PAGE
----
Achieving the right plant population in spring cereals is just as important as corn and soybeans. Less than optimum seeding rates often leads to reduced yields. Over seeding can be costly in extra seed costs. Seeding at 2 or 3 bushels per acre (bu/ac) is just not accurate enough.
Recommended Spring Cereal Plant Populations
The following table is the Recommended Plant Populations for the different Spring Cereal Crops:
Seeds per pound (lb) should be given on the seed tag or bag. For instance, if 1.5 million seeds/acre is desired, with a germination rate of 95% and 12,000 seeds/lb, the seeding rate should be 132 lbs/acre.
(1,500,000/12,000 x 100/95) = 132 lbs/ac
Using 2 bu/ac for wheat seeding, a variety with 10,000 seeds/pound will be at a disadvantage to a variety with 13,000 seeds/pound. Two bu/ac (120 lbs/acre) will give an actual seeding rate of only 1.2 million seeds per acre with 10,000 seeds/pound and 1.56 million seeds per acre with 13,000 seeds per pound. In order to seed 1.5 million seeds per acre (recommended rate for most soils other than heavy clays), 150 lbs/acre of the 10,000 seeds/pound variety would be required, while only 115 lbs/acre of the 13,000 seeds/pound variety would be needed!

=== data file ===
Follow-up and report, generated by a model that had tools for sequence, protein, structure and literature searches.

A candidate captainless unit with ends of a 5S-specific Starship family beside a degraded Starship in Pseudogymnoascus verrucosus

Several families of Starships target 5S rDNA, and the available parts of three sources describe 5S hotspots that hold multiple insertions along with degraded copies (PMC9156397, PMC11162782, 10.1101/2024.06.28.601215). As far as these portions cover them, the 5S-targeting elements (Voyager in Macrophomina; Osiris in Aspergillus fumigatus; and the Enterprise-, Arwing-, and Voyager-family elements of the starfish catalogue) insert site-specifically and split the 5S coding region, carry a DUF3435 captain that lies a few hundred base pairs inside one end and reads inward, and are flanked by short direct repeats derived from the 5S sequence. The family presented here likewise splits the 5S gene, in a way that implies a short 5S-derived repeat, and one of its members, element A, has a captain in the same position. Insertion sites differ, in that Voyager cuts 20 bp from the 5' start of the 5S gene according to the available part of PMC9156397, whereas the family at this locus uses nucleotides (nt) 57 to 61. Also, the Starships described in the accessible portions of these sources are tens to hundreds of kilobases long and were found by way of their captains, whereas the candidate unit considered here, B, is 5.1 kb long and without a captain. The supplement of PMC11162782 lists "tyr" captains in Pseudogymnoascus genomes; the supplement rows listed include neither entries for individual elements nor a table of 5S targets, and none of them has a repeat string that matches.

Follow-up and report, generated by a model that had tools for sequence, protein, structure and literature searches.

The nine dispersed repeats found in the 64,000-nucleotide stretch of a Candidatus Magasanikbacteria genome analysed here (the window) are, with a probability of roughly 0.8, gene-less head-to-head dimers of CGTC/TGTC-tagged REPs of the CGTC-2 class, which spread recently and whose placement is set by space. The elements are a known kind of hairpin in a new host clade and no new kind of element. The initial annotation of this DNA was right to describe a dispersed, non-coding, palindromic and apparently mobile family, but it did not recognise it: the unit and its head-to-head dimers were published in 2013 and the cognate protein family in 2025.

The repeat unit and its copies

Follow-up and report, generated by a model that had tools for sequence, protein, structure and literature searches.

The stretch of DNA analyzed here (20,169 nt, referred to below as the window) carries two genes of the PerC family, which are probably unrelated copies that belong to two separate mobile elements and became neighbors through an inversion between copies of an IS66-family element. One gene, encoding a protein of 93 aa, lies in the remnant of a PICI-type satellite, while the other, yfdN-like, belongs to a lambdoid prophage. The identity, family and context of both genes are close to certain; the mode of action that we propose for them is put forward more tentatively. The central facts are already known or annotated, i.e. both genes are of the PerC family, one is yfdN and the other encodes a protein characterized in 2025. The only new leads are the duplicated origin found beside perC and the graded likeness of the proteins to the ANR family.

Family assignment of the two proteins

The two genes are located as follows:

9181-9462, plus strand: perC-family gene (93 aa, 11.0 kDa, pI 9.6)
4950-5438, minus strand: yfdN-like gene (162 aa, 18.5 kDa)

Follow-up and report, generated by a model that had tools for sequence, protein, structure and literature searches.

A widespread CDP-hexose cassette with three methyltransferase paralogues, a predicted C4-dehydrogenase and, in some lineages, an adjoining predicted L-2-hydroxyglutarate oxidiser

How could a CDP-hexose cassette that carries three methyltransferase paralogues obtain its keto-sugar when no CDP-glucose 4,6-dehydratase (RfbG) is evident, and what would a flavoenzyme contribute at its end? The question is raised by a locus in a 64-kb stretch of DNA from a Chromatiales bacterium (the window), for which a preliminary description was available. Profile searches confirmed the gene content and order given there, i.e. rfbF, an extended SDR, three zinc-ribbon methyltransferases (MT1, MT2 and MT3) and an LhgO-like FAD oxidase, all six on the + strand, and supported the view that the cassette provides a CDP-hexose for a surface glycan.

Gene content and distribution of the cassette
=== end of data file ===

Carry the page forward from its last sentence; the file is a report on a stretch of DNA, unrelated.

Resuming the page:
For example, seeding a spring wheat variety with a small seed size like 606, at 2 bu/ac would be 10% more seed and an additional $3.76 acre in seed costs than seeding at the desired 1.5 million seeds/acre.
The higher range in seeding rates should be used;
a) where emergence and early seedling establishment is likely to be poor ( for example due to poor seed bed and aerial or broadcast seedings), and
b) for late planting where tillering will be reduced.
Seed Drill Calibration
Calibrating your drill ensures that you are planting at your desired seeding rate. Table 6-8 in OMAF Publication 811 "Agronomy Guide" can be used to indicate the seeds per foot of row, and pounds of seed per acre required needed to achieve various desired plant populations.